The important role casinos played in the life of Glen Campbell

The important role casinos played in the life of Glen Campbell

The nine-time Grammy-winner, best known for hit tracks Rhinestone Cowboy and Wichita Lineman, died on Tuesday morning in Nashville, following a battle with Alzheimer's disease. He also took CMA's Entertainer of the Year award in 1968.

He was also a victor for Grammy Awards for four times in the different pop categories.

Campbell recalled meeting Urban when he was still an up-and-coming musician during a trip to Australia and giving him the advice to always keep practicing - advice Urban admitted he was still following to that day, years into a successful career. He was diagnosed with Alzheimer's disease in 2011.

In his 20s, Campbell, who had come West to Los Angeles to seek stardom, flourished as part of the Wrecking Crew, the fabled, though mostly unknown to the public, collective of studio and session musicians who played behind some of the biggest names in the music business.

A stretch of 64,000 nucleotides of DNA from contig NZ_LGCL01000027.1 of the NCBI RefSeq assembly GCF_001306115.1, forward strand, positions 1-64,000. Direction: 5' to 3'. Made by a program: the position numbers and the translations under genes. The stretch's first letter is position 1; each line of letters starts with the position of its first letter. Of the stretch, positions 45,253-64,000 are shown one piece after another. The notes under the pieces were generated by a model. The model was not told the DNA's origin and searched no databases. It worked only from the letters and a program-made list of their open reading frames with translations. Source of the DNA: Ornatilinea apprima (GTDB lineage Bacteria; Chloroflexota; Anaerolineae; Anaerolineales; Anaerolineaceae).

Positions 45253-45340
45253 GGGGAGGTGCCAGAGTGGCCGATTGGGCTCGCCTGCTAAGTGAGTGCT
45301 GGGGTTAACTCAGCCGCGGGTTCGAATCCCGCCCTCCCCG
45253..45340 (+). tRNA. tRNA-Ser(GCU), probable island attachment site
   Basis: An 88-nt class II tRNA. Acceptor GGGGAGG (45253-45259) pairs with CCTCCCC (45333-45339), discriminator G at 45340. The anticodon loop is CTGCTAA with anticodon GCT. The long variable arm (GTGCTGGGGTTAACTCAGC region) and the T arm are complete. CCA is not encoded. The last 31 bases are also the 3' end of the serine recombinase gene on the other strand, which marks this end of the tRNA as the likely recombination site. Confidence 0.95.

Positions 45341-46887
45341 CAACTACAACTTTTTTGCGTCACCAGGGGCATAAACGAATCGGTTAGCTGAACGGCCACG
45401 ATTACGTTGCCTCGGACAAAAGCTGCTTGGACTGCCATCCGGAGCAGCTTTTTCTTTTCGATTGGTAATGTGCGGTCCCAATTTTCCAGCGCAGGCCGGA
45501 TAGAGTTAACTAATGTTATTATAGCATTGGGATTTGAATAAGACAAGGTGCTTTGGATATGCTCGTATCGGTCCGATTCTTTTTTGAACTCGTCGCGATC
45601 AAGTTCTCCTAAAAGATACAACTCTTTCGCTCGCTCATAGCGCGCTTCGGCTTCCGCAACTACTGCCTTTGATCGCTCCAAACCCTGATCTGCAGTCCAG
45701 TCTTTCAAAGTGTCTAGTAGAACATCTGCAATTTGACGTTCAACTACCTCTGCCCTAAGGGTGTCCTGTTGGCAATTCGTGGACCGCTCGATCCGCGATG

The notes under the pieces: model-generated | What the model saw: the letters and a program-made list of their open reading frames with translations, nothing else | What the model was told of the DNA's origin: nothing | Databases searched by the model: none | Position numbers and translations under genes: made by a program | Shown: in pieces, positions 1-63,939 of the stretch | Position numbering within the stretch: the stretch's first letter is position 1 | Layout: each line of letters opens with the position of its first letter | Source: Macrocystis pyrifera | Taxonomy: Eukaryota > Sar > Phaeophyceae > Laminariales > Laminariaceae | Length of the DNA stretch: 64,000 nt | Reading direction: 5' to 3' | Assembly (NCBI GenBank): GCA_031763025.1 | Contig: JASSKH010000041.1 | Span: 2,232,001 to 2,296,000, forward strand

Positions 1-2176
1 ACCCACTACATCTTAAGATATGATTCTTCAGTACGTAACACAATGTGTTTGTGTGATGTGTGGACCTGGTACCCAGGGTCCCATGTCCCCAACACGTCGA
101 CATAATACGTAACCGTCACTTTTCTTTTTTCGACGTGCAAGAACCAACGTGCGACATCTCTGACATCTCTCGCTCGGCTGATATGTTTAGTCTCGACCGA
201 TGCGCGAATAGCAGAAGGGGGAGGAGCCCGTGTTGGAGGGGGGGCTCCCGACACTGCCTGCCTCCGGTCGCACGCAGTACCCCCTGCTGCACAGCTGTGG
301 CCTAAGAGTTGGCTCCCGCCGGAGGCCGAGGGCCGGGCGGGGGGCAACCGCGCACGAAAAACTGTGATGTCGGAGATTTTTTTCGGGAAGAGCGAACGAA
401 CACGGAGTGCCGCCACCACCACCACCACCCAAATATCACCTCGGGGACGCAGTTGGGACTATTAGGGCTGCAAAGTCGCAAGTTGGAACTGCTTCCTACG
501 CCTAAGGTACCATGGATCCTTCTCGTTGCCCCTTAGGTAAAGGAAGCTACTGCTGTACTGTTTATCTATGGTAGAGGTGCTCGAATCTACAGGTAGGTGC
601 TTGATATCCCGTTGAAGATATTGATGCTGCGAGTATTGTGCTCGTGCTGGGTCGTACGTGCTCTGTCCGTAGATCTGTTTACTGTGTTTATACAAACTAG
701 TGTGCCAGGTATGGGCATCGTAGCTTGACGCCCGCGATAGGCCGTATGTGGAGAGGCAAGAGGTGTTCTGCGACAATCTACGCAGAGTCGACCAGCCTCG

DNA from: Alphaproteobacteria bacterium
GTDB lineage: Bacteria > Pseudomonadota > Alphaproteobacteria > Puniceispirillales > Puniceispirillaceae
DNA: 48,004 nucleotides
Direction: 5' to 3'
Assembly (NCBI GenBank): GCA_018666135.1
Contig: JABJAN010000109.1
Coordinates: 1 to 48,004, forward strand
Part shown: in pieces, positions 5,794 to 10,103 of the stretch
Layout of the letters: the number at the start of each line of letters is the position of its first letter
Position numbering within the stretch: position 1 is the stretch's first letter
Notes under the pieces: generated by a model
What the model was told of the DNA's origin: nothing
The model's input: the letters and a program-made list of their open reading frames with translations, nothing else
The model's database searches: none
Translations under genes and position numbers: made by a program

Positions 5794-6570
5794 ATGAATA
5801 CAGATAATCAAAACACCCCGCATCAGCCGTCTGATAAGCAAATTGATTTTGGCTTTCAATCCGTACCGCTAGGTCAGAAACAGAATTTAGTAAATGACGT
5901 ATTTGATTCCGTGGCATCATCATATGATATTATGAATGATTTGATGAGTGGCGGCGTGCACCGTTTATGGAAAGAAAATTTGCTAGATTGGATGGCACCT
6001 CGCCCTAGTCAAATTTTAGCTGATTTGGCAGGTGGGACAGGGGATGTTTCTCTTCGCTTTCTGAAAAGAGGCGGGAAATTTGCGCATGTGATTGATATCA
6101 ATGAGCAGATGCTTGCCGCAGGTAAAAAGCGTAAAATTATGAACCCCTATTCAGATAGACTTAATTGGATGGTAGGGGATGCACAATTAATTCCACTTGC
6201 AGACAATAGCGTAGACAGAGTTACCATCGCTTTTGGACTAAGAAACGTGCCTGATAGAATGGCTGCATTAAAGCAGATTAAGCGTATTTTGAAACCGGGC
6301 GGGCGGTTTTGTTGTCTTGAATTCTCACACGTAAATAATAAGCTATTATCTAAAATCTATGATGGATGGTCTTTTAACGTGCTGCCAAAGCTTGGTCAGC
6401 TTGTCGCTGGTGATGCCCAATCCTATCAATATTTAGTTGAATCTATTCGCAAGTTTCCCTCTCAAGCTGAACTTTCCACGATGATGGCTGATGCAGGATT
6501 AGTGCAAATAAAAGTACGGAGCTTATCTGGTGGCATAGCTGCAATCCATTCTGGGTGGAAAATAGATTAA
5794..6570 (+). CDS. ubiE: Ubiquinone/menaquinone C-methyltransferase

WASHINGTON •Former United States president Bill Clinton once praised singer Glen Campbell for his courage in becoming a public face of Alzheimer's disease. Campbell also performed in the Beach Boys' band on tour in 1964 and 1965. By all accounts, Campbell's early life was one of severe poverty that included picking cotton in the fields alongside his brothers.

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Fans paid tribute to Campbell on the Hollywood walk of fame.

Glen's passing comes after he retired from the music industry in 2011 following his Alzheimer's diagnoses, which his daughter Ashley described at the time as "really good" for his health. Campbell continued to make music, tour, and appear in movies and on television in the decades that followed.

Jimmy Webb (left) wrote some of Glen Campbell's most memorable pop and country hits from the 1960s onward.

The show's also your chance to relive numerous highlights from Glen's network TV variety show, The Glen Campbell Goodtime Hour.

The film, which generated the Grammy-winning song I'm Not Gonna Miss You, showed the star still instinctively fluent on the guitar yet struggling to remember lyrics and setlists and, by the time of his final show in Napa, California, barely able to lead his band.

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